‘Listen to teacher’- ministers are told

Photo Neil Cross' Headteacher David Fann at Sherwood Primary School
Photo Neil Cross' Headteacher David Fann at Sherwood Primary School
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Lancashire’s school heads and teachers are calling for a shake-up of the exam system.

The call comes amid “choas” caused by the Government dropping the new reception class baseline test after admitting it does not work as a measure of pupil progress.

The National Association of Headteachers said the Government had “outsmarted itself by choosing multiple providers of these assessments – none of which compare to each other.

They cannot provide a measure of progress that can be compared between schools.”

David Fann, headteacher at Sherwood Primary in Fulwood, Preston, is the NAHT county and national spokesman on primary education.

He said: “This outcome is symptomatic of the general chaos on assessment in the primary phase, with poor planning and a lack of consultation with the people who know what will actually work.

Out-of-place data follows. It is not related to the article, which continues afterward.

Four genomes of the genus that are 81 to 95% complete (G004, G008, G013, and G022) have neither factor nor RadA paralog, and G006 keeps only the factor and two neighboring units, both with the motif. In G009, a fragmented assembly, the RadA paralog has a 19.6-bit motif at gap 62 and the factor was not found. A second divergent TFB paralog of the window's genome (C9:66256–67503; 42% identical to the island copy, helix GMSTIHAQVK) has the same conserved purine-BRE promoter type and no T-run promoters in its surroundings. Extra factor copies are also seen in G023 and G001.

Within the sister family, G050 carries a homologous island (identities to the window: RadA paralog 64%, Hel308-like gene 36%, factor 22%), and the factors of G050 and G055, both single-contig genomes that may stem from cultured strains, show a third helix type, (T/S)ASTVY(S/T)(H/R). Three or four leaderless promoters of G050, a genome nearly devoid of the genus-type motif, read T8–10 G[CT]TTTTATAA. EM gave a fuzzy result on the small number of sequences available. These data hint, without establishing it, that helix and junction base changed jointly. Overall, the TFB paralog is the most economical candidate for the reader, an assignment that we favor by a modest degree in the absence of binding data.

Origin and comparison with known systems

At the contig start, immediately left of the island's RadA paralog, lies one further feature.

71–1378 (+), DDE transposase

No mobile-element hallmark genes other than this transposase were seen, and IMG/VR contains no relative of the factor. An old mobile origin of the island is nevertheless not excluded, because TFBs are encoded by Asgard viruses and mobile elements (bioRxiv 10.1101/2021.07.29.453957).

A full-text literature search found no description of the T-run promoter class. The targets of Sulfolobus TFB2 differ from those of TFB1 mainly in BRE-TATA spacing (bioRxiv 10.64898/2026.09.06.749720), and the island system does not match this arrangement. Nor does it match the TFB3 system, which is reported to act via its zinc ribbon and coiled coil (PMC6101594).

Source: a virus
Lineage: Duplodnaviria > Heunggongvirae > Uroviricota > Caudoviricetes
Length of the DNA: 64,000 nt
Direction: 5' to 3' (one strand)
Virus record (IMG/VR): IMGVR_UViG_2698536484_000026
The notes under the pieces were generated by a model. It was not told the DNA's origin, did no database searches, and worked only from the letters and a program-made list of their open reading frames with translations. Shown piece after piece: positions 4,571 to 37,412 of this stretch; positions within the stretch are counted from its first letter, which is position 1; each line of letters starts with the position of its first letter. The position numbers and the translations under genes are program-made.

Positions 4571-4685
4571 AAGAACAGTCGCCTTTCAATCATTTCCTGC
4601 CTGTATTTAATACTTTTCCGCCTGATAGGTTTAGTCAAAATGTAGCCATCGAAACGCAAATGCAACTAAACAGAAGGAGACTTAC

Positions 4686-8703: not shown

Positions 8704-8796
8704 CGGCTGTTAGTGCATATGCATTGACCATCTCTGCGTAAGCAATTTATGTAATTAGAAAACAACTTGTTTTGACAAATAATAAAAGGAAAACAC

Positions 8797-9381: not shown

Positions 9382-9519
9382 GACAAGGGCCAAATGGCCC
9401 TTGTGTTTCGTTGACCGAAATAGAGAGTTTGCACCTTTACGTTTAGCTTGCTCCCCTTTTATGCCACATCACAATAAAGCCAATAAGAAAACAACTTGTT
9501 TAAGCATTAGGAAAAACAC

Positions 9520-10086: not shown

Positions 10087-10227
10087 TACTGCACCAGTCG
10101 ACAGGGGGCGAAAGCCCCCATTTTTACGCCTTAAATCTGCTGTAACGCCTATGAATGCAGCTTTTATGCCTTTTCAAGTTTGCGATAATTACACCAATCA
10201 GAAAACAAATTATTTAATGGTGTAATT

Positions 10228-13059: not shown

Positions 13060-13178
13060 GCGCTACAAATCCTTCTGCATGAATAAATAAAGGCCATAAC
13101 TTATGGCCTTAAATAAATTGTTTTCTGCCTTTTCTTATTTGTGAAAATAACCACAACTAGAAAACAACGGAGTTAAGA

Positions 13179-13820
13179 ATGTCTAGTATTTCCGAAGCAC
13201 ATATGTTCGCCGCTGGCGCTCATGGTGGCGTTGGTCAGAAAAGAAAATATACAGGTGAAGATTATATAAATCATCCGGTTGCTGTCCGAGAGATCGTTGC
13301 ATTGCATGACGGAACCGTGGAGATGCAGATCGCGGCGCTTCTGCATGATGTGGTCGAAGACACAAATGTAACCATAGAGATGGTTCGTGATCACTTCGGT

“We welcome the government’s promise to work with the profession to consider its next steps, but we are clear that a piecemeal approach to individual tests will not work. It’s what got us into this mess in the first place. We need a coherent approach to assessment from start to finish across all ages, methods and subjects.”

Mr Fann said the NAHT was not opposed to measuring progress from the start of school, rather than half way through, but added that the government approached the issue in the wrong way

He added: “ Our view is: listen properly when constructive critics are telling you about the problems you will face. Government have wasted time and money once again.”

Simon Jones, county executive member for the National Union of Teachers said: “ The flaws in the scheme’s design were well known to Early Years educators, and were pointed out to the Department for Education when it first consulted on the scheme. The attempt to make baseline work has cost millions, has prevented children from settling into their school and increased the workload of their teachers.